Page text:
“Because we have different penetrations in different markets, it can take different time scales to negotiate and secure the placement for our shows on free-to-air broadcasters,” says Mark Kingston, SVP of international consumer products for Viacom International Media Networks. “Because of that, the timeline of when we launch a consumer products program can vary from a day-and-date launch in the US to 24 months later in a market like China, Japan or Germany.”
Kingston says that in addition to providing data on the success of various SKUs that can be applied to subsequent launches, managing a property that is in different phases in different regions can also be a financial benefit.
“When you look at PAW Patrol, for example, we’ve been able to manage the life cycle of that property across the globe at different stages. That means we have consistent earnings coming through on some of our key properties for a number of years, rather than having big peaks and troughs,” Kingston says. “We’ve got huge momentum in some markets internationally, like Germany or China, where we’re only really in year one or two of the launch.But barriers still exist. Nickelodeon inked an exclusive licensing partnership with YouTube star JoJo Siwa in 2016, and the kidsnet’s Entertainment Lab is producing six three- to five-minute episodes of the animated short-form series The JoJo & BowBow Show.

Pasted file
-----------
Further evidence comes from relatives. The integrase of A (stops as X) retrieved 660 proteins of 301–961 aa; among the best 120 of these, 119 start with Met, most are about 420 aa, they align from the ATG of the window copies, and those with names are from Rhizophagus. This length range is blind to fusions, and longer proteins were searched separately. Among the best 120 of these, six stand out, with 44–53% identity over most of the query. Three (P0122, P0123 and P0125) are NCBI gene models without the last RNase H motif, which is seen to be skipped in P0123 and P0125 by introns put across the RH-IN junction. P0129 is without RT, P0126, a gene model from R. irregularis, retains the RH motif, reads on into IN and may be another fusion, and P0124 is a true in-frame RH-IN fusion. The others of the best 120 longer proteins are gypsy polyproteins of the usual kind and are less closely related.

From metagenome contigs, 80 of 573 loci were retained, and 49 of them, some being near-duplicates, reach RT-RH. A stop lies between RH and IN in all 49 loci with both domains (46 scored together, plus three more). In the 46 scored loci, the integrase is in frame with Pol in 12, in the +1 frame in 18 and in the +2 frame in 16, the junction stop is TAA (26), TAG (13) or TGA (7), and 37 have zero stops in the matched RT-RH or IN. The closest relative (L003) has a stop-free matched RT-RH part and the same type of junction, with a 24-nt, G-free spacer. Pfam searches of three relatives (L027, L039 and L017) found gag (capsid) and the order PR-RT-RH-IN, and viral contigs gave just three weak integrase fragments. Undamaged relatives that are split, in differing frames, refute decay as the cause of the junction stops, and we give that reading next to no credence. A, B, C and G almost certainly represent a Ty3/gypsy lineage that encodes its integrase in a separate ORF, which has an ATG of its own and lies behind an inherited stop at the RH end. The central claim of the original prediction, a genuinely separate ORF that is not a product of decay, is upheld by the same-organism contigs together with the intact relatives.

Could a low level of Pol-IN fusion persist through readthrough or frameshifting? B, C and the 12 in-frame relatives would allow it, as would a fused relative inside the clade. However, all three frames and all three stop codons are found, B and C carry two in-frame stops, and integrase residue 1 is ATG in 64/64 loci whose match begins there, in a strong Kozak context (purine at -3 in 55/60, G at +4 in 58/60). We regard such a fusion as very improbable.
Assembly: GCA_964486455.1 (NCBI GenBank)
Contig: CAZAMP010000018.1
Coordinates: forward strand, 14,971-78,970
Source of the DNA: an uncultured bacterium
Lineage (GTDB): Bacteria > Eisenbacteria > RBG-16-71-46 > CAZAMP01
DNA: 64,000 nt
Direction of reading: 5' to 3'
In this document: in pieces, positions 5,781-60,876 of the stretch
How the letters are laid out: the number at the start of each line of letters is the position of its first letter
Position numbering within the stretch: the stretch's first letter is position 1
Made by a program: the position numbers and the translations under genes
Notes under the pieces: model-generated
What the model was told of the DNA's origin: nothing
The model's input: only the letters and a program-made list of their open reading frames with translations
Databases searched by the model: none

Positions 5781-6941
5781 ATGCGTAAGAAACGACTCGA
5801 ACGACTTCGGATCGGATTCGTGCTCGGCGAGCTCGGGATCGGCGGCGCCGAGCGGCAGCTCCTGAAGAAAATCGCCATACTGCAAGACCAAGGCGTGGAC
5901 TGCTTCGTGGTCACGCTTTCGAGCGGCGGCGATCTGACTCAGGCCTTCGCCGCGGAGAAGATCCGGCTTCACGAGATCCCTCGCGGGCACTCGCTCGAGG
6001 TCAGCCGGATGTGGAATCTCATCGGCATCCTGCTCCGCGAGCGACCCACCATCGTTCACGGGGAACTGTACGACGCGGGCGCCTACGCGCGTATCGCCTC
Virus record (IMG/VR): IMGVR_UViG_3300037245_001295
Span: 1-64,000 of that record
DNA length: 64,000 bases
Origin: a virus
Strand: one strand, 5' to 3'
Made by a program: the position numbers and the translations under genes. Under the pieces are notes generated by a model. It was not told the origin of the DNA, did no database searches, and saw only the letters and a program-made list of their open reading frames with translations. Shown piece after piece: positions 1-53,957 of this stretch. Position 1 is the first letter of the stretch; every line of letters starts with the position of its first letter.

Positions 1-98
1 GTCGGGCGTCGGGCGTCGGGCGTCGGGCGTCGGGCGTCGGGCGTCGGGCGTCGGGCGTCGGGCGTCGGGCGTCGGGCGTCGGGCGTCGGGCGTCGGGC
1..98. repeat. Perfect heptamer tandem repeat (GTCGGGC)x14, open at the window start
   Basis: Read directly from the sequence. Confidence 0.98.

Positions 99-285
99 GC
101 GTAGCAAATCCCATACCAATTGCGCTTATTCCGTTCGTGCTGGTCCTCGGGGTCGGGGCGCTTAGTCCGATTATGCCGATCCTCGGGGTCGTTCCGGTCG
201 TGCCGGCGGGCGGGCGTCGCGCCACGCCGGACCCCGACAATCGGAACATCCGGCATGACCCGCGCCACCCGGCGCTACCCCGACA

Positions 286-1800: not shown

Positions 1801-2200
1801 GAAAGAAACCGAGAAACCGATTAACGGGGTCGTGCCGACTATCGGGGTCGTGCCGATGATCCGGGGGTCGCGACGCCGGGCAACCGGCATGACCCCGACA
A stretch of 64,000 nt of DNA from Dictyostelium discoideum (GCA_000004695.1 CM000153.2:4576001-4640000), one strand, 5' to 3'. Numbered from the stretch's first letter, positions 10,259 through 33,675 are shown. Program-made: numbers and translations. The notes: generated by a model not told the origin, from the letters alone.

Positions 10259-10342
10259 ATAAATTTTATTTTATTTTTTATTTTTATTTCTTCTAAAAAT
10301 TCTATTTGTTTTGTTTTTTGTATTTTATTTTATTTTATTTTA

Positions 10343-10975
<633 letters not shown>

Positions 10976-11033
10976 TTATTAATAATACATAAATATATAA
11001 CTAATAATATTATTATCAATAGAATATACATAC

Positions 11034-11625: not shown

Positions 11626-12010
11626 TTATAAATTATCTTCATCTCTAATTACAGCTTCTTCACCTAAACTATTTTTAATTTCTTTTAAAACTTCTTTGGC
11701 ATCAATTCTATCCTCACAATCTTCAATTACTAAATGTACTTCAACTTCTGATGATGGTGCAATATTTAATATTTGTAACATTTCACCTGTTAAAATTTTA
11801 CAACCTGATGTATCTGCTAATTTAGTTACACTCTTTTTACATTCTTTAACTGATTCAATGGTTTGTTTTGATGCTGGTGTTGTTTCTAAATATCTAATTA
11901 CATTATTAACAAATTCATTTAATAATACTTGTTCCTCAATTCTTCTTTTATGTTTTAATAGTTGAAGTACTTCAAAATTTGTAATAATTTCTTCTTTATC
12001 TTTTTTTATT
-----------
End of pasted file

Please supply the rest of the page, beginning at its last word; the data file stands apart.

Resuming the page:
While Nickelodeon has quickly built out JoJo-inspired consumer products programs in the US, Canada, the UK and Australia, Kingston says it is working to replicate her success in non-English-speaking territories.
“JoJo has been a phenomenon for us in the US, Canada, the UK and Australia, but to date she hasn’t yet resonated with non-English-speaking markets,” he says. Beyond language hurdles, JoJo’s anti-bullying message hasn’t clicked in territories like Spain, Italy, Germany, France or Asia in the same way it does stateside, where in-school campaigns have made “bullying” a part of kids’ vocabularies from a young age.
As a result, Nickelodeon is currently developing strategies to help the brand make the leap across both language and culture barriers.
Moving forward, Spieckerman says IP owners and retailers should take away more than just data from these regional consumer products launches; they should also take away a new perspective.
“They can work in a much more surgical way, gathering the data they need to determine whether to move forward and how quickly,” Spieckerman says. “Every market has a story to tell. It’s incumbent upon these brands to not be so literal about what they’re doing, and to really have their storytelling chops honed in terms of how they can parlay insights and create a relevant narrative about what they’re doing in any given region and how it translates to other markets and to the US.”